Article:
In the bowl of your mixer fitted with the dough hook, add milk mixture, butter, sugar, salt and egg, start the mixer. Add flour in small increment, continue to mix until dough comes together. Do not over-mix. Transfer dough to a clean bowl, cover with a clean, dry tea-towel and let rise for 45 minutes.

Divide dough into 10 equal portions. I used my scale for this, making sure each dough ball weighed between 80-100 grams. Roll each dough ball into a long rope measuring 9 inches. Fold each rope into a tight backwards “S” figure and place on baking sheet. Press a large raisin into the middle of the swirl in each end of the dough. Cover dough with a clean, dry tea-towel and allow to rise for another 15 minutes. Preheat oven to 390 degrees F (200 degrees C).

Beat 1 egg to make an egg-wash. Press each raisin down half-way into the dough to ensure they don’t get pushed up and out during baking. Brush each bun with the egg wash. Bake for 8-10 minutes. Do not over-bake. Enjoy Lussekatter warm.

Source: adapted from Anne’s Food

This recipe will be submitted to YeastSpotting, a great site filled with Wild Yeast recipes.

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Brunkager

Brunkager

This year I decided to try out a new recipe for Brunkager. I view this recipe as a more modern Brunkage in that, the finished product is a small rectangular cookie instead of the traditional round shape and it has pistachios in addition to almonds. The cookies are very flavorful and delicious and the only problem I had was with the aesthetic outcome. I was not able to find any whole almonds and pistachios, all I could get was almond slivers and unsalted pistachio halves and pieces. Of course now that it’s all said and done I finally found the right kind of nuts…bummer… oh well. As far as the almonds, use what you have, but whole would be perfect. But for the pistachios, I would recommend that if you cannot get whole then don’t bother with it because it really wont give you the beautiful green “wow” effect that whole pistachios would provided.

This recipe also uses Potaske which is a leavening agent commonly used in some Danish baked products. Potaske can be substituted with Baking Soda which is what I used in my previous Brunkager recipe. If you use Baking Soda you can omit the 1 tablespoon cold water. Simply just mix the Baking Soda in with the dry ingredients.

I hope you enjoy these cookies, they are a wonderful addition to any Christmas repertoire.

Brunkager II

Brunkager (makes approx. 110 cookies)

Ingredients:

250 gram butter (8.8 oz.)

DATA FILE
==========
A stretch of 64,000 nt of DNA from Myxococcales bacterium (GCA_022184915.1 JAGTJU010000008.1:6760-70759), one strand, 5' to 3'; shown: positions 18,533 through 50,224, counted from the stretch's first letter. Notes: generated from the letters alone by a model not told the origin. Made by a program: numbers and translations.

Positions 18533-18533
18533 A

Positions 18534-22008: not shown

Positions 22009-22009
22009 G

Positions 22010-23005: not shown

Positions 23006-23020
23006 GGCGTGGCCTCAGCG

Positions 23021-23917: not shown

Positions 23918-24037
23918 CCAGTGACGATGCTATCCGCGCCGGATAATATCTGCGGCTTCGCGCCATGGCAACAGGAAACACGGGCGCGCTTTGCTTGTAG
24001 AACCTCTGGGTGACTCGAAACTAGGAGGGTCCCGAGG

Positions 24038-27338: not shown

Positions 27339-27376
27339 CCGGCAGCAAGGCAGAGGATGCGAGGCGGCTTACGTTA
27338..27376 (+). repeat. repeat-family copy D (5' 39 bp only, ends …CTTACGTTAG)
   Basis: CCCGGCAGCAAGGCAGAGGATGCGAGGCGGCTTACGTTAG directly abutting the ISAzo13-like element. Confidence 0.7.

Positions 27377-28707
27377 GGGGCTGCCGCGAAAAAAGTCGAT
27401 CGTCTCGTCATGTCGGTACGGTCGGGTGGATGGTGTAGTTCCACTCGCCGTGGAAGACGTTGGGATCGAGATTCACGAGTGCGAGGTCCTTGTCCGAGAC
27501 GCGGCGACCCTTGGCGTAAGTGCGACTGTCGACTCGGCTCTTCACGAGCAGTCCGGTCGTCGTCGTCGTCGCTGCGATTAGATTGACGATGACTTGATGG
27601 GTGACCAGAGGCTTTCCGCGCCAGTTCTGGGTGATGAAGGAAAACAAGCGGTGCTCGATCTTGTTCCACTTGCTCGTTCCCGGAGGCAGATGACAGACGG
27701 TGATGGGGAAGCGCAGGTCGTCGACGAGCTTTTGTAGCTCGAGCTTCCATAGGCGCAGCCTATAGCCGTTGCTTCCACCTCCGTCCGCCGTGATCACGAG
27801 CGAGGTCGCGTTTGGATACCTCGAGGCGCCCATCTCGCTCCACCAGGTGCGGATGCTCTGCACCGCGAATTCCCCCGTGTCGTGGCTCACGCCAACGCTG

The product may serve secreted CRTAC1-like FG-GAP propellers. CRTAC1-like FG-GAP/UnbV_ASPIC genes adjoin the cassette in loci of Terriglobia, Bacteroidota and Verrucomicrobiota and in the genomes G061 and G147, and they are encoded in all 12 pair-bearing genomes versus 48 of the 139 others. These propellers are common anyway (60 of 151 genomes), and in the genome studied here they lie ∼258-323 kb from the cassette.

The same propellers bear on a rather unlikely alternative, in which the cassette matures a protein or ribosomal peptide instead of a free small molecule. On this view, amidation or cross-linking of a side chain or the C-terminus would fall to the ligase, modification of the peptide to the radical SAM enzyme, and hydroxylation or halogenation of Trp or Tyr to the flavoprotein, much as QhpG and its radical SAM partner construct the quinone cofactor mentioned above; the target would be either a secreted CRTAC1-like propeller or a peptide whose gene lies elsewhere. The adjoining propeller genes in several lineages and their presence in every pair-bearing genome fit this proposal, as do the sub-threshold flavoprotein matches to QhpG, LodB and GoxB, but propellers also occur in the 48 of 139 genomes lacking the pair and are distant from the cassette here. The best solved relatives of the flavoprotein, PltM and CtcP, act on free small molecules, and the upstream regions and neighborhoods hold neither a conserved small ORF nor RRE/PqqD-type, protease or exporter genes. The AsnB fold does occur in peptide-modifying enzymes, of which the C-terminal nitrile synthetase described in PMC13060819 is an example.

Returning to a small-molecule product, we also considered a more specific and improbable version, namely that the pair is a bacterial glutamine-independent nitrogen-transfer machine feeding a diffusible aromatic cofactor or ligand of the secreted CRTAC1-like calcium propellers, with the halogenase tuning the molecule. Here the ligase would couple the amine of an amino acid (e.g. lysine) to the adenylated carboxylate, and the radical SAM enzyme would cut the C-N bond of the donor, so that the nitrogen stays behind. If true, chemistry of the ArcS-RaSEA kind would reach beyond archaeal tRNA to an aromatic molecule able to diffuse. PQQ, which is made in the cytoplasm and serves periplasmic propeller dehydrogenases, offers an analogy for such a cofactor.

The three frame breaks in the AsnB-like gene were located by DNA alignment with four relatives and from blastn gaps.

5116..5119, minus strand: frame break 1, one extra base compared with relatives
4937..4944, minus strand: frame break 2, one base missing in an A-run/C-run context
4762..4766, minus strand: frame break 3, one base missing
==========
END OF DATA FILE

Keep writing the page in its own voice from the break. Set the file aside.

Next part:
125 gram dark syrup (4.4 oz.)

250 gram dark brown sugar (8.8 oz.)

2 teaspoon potaske

1 tablespoon cold water

3 teaspoon ground cinnamon

1 teaspoon ground cloves

2 teaspoon ground ginger

1 teaspoon ground allspice

500 gram all-purpose flour (17.6 oz.)

30 gram whole unsalted pistachios (1 oz.)

120 gram whole blanched almonds (4 oz.)

Directions:

Using a 20 x 20 centimeter (8 x 8 inch) container, cut 2 pieces of parchment paper to fit inside the dish without it crimping up in the corners. Place parchment paper in a cross fashion with paper extending over the edges. Set aside.

Place butter, syrup and brown sugar in a sauce pan and melt over medium-high heat. Once ingredients are melting, whisk vigorously until it comes together. Remove from heat.

Combine potaske and water, set aside. Combine flour, cinnamon, cloves, ginger and allspice in the bowl of a stand-mixer fitted with the hook attachment. Add potaske/water mixture to the warm butter/syrup mixture. Pour the warm butter/syrup mixture into the flour mixture and mix until a homogeneous mass. Add pistachios and almonds and continue mixing until combined.

While batter is still warm, pour into dish lined with parchment paper and press the mixture into corners and flatten. Cut another piece of parchment paper to fit and place on top of dough. Fold overhanging edges of paper in over batter and allow to cool at room temperature until the following day. Next day, remove dough from dish and cut into 4 logs. If you plan on baking the cookies at this point, cut logs into thin slices and place on baking sheet lined with parchment paper, leaving a 1 inch space between cookies. Bake in a 180 degree C (350 degrees F) preheated oven for 9 – 12 minutes. Allow cookies to cool completely before placing in a cookie tin with a tight fitting lid.

If you plan on baking cookies on a later date, wrap each log tightly in plastic wrap, place in a zip-loc bag and store them in refrigerator for 1-2 weeks. Flavors will continue to develop as dough sits. Once ready to bake, allow dough to come to room temperature before slicing and baking.  Merry Christmas and GlÌdelig Jul.

Brunkager ready for baking

Brunkager ready for baking

Source: adapted from Det Søde Liv